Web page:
Breast Reconstruction with the Laparoscopically Harvested Omental Free Flap
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Background: Although many methods are available for breast reconstruction, there are still times where finding the best solution remains a challenge. In selected cases, a laparoscopically harvested omental free flap (LHOFF) can be used for breast reconstruction with excellent results. Aims: The aim of this chapter is to discuss the anatomy, indication, limitations, and surgical technique of the LHOFF for primary or delayed breast reconstruction. Patient selection: Breast reconstruction using an LHOFF is indicated in selected cases: A lean patient with low breast volume and an intact skin envelope with unilateral reconstruction and patient choice to have a solely autologous reconstruction. Sufficient omentum volume must be confirmed through a diagnostic laparoscopy. Technique: The omentum is harvested laparoscopically by a general surgeon and extracted through a 1.5 inch (4 cm) Pfannenstiel incision. Simultaneously, the plastic surgeon’s team members prepare the mammary pocket and acceptor vessels. The gastroepiploic (GE) artery is anastomosed to the internal mammary artery in an end-to-end manner. The accompanying veins are anastomosed using a flow coupler device. The omentum is then carefully fixed in place in the pocket. Conclusion: Autologous breast reconstruction using a LHOFF can be an excellent option in select cases. It is a safe flap with minimal donor site morbidity and scarring with the use of laparoscopic harvesting. The aesthetic results are highly desirable with minimal scarring, good volume, and very soft tissue resembling the natural feeling of a nonreconstructed breast.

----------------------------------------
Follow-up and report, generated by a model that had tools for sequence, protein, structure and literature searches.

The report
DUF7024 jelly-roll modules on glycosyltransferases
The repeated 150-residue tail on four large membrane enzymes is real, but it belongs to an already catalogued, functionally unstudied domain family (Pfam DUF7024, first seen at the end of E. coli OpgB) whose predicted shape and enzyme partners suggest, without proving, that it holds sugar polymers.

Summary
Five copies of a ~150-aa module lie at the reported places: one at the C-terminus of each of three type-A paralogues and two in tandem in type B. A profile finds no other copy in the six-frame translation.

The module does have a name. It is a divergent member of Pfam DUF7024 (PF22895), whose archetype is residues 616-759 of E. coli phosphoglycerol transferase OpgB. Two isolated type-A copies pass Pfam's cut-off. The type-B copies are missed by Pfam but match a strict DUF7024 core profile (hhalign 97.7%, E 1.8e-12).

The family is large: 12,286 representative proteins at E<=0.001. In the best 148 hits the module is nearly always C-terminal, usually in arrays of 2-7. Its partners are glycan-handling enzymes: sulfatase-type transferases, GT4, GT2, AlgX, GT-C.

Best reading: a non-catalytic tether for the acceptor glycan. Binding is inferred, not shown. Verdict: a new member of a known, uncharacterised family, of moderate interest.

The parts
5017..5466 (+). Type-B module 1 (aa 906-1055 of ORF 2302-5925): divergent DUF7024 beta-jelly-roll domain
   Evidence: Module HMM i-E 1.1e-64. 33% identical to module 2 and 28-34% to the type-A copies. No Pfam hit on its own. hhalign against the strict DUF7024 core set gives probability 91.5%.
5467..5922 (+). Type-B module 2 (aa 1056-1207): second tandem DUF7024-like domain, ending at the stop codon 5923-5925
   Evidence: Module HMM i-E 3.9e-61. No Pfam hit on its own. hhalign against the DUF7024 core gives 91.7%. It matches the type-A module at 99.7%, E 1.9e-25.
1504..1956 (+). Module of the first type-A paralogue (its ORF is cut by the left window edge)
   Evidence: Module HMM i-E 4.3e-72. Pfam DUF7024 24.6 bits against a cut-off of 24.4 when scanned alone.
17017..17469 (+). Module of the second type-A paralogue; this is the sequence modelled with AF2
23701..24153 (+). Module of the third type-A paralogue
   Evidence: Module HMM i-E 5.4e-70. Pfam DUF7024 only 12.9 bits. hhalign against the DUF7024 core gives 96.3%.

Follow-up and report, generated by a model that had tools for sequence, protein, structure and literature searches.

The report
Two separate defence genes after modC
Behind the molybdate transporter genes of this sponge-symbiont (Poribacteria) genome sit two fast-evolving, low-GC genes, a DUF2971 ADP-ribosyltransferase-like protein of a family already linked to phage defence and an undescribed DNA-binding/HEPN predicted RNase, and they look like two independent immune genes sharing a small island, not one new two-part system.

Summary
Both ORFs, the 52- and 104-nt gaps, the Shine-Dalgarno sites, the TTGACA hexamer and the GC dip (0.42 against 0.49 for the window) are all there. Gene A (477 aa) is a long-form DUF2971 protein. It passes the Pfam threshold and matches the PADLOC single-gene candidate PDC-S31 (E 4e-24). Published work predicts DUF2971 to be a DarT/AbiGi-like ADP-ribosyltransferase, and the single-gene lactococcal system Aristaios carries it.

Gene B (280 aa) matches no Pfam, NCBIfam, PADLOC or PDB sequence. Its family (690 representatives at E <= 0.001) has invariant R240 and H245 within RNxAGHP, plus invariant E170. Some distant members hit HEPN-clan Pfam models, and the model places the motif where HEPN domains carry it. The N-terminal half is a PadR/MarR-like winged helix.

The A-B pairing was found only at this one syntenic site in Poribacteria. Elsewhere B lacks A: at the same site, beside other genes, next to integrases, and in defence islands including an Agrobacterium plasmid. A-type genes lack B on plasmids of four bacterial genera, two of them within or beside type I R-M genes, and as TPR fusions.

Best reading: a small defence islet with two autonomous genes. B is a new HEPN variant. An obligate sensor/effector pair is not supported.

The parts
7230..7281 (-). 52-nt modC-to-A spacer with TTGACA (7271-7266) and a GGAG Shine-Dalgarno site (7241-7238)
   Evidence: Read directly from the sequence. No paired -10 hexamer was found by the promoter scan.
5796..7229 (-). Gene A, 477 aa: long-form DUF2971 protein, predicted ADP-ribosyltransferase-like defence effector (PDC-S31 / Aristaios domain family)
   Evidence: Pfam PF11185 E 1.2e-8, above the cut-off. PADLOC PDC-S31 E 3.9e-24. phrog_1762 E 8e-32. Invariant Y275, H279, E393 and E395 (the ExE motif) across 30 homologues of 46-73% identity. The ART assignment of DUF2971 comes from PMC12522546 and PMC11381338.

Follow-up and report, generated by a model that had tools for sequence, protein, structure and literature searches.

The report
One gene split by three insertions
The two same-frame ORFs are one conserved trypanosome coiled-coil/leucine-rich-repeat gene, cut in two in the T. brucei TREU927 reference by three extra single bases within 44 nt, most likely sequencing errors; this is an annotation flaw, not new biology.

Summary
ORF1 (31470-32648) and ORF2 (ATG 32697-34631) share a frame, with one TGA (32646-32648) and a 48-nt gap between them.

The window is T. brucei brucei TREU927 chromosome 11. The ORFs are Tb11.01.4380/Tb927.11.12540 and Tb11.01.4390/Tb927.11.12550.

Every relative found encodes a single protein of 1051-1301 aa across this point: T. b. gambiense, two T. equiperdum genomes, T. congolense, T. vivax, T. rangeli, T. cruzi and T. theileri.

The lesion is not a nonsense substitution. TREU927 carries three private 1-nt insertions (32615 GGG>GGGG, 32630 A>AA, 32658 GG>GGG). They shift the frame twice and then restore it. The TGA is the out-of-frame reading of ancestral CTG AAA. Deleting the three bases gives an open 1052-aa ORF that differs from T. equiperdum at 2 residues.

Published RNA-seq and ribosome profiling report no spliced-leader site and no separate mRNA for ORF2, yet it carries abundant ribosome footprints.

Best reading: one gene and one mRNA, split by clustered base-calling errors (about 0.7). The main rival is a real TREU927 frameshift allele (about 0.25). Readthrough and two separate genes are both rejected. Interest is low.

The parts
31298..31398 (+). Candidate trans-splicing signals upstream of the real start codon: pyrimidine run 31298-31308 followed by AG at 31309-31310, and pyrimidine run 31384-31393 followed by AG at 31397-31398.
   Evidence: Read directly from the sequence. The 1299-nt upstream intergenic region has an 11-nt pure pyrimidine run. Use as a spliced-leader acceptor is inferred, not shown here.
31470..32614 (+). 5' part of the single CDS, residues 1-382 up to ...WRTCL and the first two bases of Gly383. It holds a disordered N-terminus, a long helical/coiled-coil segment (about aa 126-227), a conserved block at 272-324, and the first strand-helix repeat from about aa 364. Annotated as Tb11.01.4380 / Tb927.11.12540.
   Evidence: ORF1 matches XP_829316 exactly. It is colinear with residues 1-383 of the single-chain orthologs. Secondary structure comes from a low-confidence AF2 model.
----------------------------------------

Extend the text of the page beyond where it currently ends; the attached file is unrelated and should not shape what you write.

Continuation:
KeywordsOmentum Free flap Autologous breast reconstruction Omental free flap Laparoscopically harvested omental free flap
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